Monster came out as a new release DVD from Columbia Tri-Star in 2004 here in the US, and it was quickly re-released as a special edition in 2005.  It was kind of a cheeky double-dip move, but I didn't fall for it, because there were already even better, more loaded special editions in other regions.  There was an intriguing German 3-disc set that included both of Nick Broomfield's documentaries on Wuornos.  But those were both already available separately, so for my money, the 2004 2-disc Metrodome DVD in the UK was the definitive choice, with the most extras actually about the film Monster.  In fact, in 2006, Metrodome reissued it as a 3-disc set, with the two Broomfield docs on the third disc, but by then I'd already committed.  Either way, Metrodome was the disc of choice until the blu-ray era, when new editions started popping up around the world, all with the same, somewhat grungy HD master and none of those expanded special edition extras.
1) 2004 US Columbia Tri-Star DVD; 2) 2004 UK Metrodome DVD;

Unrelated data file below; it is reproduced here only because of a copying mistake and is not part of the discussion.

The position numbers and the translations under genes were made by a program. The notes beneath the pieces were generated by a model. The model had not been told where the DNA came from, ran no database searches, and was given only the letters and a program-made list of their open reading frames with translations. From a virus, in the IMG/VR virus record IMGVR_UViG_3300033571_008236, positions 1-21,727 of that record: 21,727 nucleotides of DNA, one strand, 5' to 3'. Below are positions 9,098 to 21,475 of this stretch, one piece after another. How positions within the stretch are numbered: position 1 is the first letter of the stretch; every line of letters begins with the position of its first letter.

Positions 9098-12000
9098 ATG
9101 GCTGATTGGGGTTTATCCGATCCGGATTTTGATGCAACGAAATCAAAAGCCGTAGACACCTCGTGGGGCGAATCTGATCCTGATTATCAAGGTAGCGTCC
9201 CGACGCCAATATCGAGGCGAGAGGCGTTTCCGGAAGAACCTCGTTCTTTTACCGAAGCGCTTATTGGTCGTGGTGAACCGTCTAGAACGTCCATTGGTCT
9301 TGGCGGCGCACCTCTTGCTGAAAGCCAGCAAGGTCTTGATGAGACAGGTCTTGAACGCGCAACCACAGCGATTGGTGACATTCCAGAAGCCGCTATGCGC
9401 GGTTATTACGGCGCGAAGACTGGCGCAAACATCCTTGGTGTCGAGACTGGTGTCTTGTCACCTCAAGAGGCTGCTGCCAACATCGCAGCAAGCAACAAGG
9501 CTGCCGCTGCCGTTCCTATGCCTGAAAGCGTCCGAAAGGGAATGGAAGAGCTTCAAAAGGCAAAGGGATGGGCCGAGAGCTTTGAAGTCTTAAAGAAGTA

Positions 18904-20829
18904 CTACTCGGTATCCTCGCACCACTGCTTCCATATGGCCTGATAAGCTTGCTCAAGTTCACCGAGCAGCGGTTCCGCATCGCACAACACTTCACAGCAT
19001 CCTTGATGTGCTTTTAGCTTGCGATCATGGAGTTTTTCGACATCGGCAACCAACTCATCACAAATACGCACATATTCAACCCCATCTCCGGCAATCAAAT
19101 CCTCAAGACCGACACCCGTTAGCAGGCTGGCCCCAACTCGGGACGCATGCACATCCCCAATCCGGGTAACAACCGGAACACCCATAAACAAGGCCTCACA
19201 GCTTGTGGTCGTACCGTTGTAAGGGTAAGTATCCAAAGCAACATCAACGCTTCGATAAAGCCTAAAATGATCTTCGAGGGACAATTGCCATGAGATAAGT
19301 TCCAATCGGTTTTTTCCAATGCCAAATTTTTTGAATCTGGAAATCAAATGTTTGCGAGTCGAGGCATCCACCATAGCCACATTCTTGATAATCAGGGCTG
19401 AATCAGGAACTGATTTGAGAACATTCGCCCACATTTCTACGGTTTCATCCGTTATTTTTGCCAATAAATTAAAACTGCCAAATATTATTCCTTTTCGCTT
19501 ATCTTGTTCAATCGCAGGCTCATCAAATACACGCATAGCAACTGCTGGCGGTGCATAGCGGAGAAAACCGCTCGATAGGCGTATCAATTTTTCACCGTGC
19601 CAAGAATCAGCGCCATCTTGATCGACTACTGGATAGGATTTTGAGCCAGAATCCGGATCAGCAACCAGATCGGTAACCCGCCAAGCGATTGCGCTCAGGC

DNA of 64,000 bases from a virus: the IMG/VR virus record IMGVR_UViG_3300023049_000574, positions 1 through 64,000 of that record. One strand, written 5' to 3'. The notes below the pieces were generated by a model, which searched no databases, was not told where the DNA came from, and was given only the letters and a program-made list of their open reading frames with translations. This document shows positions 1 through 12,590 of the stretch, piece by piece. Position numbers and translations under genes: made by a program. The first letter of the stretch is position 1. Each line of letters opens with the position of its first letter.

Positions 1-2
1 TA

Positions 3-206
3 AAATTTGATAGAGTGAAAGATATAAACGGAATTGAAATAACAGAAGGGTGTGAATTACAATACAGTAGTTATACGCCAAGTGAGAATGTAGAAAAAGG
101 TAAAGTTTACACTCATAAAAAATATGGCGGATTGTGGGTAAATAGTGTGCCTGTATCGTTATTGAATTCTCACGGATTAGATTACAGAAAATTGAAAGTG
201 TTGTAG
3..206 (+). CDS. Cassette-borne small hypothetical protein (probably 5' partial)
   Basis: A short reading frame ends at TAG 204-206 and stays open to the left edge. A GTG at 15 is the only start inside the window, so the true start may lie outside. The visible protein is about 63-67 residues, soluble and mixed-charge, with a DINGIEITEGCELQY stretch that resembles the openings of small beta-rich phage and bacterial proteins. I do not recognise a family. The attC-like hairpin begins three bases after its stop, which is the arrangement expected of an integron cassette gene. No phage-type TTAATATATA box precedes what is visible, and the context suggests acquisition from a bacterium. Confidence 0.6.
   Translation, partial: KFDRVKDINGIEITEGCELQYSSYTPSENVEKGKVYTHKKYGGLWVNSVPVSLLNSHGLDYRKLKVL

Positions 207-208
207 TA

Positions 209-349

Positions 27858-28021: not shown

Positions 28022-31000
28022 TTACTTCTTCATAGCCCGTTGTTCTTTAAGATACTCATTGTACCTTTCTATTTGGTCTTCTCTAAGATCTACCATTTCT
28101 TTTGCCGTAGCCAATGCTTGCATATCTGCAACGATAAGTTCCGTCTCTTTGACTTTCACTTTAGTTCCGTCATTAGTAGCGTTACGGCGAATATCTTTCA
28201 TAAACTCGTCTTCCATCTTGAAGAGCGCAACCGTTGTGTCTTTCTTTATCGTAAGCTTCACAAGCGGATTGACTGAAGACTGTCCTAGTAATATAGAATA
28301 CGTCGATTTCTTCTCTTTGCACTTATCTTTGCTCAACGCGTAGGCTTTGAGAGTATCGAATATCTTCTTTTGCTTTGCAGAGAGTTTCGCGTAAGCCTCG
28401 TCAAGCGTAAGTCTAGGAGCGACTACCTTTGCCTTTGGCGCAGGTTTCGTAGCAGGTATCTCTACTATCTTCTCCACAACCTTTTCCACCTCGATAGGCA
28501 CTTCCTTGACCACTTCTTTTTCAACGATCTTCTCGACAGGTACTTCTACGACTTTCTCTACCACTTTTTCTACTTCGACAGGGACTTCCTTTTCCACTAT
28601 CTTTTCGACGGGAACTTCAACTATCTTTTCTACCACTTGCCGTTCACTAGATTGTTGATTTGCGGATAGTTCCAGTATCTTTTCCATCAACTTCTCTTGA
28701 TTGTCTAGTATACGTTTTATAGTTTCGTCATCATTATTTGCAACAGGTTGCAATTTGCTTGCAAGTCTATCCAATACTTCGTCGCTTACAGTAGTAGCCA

3) 2009 US First Look BD.
So clearly a new HD master was not struck between the DVDs and BD.  The aspect ratio minimally shifts from 1.84:1 to 1.86:1 and finally the proper 1.85:1, but it's an almost invisible distinction involving very minor stretching.  Apart from that, the only difference between the two DVDs is that the Metrodome, naturally, plays at PAL speed.  The blu-ray?  Well, it's a genuine upgrade to HD, so it gets rid of all that murky softness around every edge.  Edges are clearer and the overall image is sharper and clearer.  You don't really see grain so much as squares alternatively smooth and pixelated patches (yes, this film was shot on 35mm, not digital).  It's not an image you want to zoom in on, that's for sure, and it suggests even more image detail could be restored with a fresh scan.  But what do want from a 2009 blu-ray?  You still wouldn't want to go back to a DVD.